If you google “televisions white spaces”, you’ll see a small storm of news generated last week by the FCC’s finalising the rules for the use of television white spaces spectrum in the U.S. TV white spaces spectrum was first announced in Nov 2008 by the FCC but was bitterly protested broadcasters and wireless microphone manufacturers, among others that the devices would interfere with television broadcast and wireless microphone use alike.

So what are the television white spaces? Back when radio spectrum was first allocated for television broadcast in the early part of the 20th century, broadcast and broadcast reception technology was crude by today’s standards. In essence, broadband transmitters had to “shout” because the reception devices were a bit deaf. In order to cope with these loud services, regulators decided that gaps should be left in spectrum assignments as “guard” bands to prevent television signals from interfering with each other. These “guard” bands are also known as television white spaces because of the “white” noise signal that appears on a television in these unused bands. Aside: this makes sense but it really, really doesn’t resonate in South Africa where a call for “white spaces” just says all the wrong things. Sigh. Can’t we call them something else?

So anyway things have changed. Wireless technology has evolved a great deal and now devices can be designed that operate efficiently within these “guard” bands without interfering with television broadcast. The original idea was that the devices would be able to sense what television channels were in use and serendipitously use the empty “white spaces” wherever they were available.

The Nov 8 2008 policy decision has been hanging fire while the FCC have debated the various objections to white spaces spectrum use. On 23 Sep 2010 the FCC finally set down clear rules for white spaces operation. Instead of spectrum sensing, the FCC have decided that all television white spaces (TWS) devices must register online with a centrally managed database which tells TWS devices what spectrum they may use in the area that they are being activated. While this removes some of the serendipitous possibilities for innovation, it directly addresses the concerns of broadcasters that spectrum sensing technology was not sensitive enough to ensure an interference-free environment for broadcasters. The door was left open however for spectrum sensing in the future.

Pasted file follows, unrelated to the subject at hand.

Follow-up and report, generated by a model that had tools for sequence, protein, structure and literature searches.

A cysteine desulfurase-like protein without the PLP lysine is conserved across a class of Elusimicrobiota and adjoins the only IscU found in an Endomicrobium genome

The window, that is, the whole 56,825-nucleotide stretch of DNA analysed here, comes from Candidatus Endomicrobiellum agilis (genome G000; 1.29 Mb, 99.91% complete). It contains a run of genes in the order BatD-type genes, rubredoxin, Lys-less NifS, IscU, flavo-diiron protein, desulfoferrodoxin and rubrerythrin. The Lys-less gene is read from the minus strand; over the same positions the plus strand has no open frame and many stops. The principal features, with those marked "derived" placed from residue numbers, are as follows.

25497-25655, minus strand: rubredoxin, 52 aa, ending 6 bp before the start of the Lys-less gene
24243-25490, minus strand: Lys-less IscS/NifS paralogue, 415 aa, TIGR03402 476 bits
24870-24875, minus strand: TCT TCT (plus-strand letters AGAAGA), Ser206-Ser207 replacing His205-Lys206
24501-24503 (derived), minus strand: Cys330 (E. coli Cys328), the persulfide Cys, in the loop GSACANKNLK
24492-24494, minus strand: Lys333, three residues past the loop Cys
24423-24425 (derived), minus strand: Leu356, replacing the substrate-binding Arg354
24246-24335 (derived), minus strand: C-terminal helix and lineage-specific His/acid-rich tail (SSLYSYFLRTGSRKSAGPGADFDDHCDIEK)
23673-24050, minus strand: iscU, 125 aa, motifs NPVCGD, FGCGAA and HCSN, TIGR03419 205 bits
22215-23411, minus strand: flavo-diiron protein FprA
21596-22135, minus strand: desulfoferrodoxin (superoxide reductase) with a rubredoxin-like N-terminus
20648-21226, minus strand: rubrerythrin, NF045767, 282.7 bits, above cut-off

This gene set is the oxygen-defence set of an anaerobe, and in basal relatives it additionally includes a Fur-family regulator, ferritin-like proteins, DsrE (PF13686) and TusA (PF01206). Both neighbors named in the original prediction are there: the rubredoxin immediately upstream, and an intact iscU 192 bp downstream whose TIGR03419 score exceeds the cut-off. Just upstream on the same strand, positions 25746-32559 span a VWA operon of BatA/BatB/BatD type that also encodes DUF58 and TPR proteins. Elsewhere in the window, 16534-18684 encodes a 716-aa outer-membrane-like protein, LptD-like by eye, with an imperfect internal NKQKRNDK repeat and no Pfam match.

So why is TWS spectrum important?

  1. You don’t need a spectrum license! Or at the very least licensing is very, very lightweight. This means that you you can deploy TWS technology in a very similar manner to other unlicensed wireless technologies such as WiFi. This means more market entrants, more competition, and ultimately more service and better prices for consumers.
  2. You don’t need to re-farm spectrum! Re-farming spectrum which involves moving existing spectrum holders from one band to another band is notoriously painful and long-winded. Just look as the pain-in-the-behind that iBurst and Sentech’s spectrum holding in the 2.6GHz range has been for that process. TWS spectrum can re-use unused television spectrum without moving any existing spectrum holders.
  3. It’s lovely spectrum! Television spectrum is capable of penetrating obstacles such as trees and building much more easily than WiFi spectrum or WiMax for that matter. This means that it will be MUCH easier to deploy this technology and it can be deployed a lot more affordably. It is not without downsides. You don’t get as much throughput through TWS spectrum, probably more like 2Mb/s but frankly that is plenty for loads of applications.
  4. This is such an opportunity for Africa. Pundits are estimating that the TWS market may be worth 4 billion dollars in the U.S. This is a country that already has broadband and is packed with television broadcasters. Here in South Africa it would be hard to find a place where more than a half dozen television channels were in use. Likewise the need for affordable connectivity is so much greater. This is SUCH an opportunity!

So What Needs to Happen?

Blog about it. Tell your regulator. Tell some journalists. Tell your politicians. Bug Google and Microsoft who have been champions of this technology in the U.S. but mute about it in Africa. The Google Public Policy Blog trumpets this decision but no mention of it on the Google Africa Blog. <disclaimer>Sorry Google, I just want more from you on this continent. </disclaimer>

Right now manufacturers are gearing up for mass production of TWS devices. If we can put appropriate TWS regulation in place, we can seize the day as these devices become available.  Otherwise,  this opportunity will pass and mobile operators and broadcasters will lock down this space.

Posted by Steve Song

@stevesong local telco policy activist. social entrepreneur. founder of @villagetelco #africa #telecoms #opensource #privacy #wireless #spectrum #data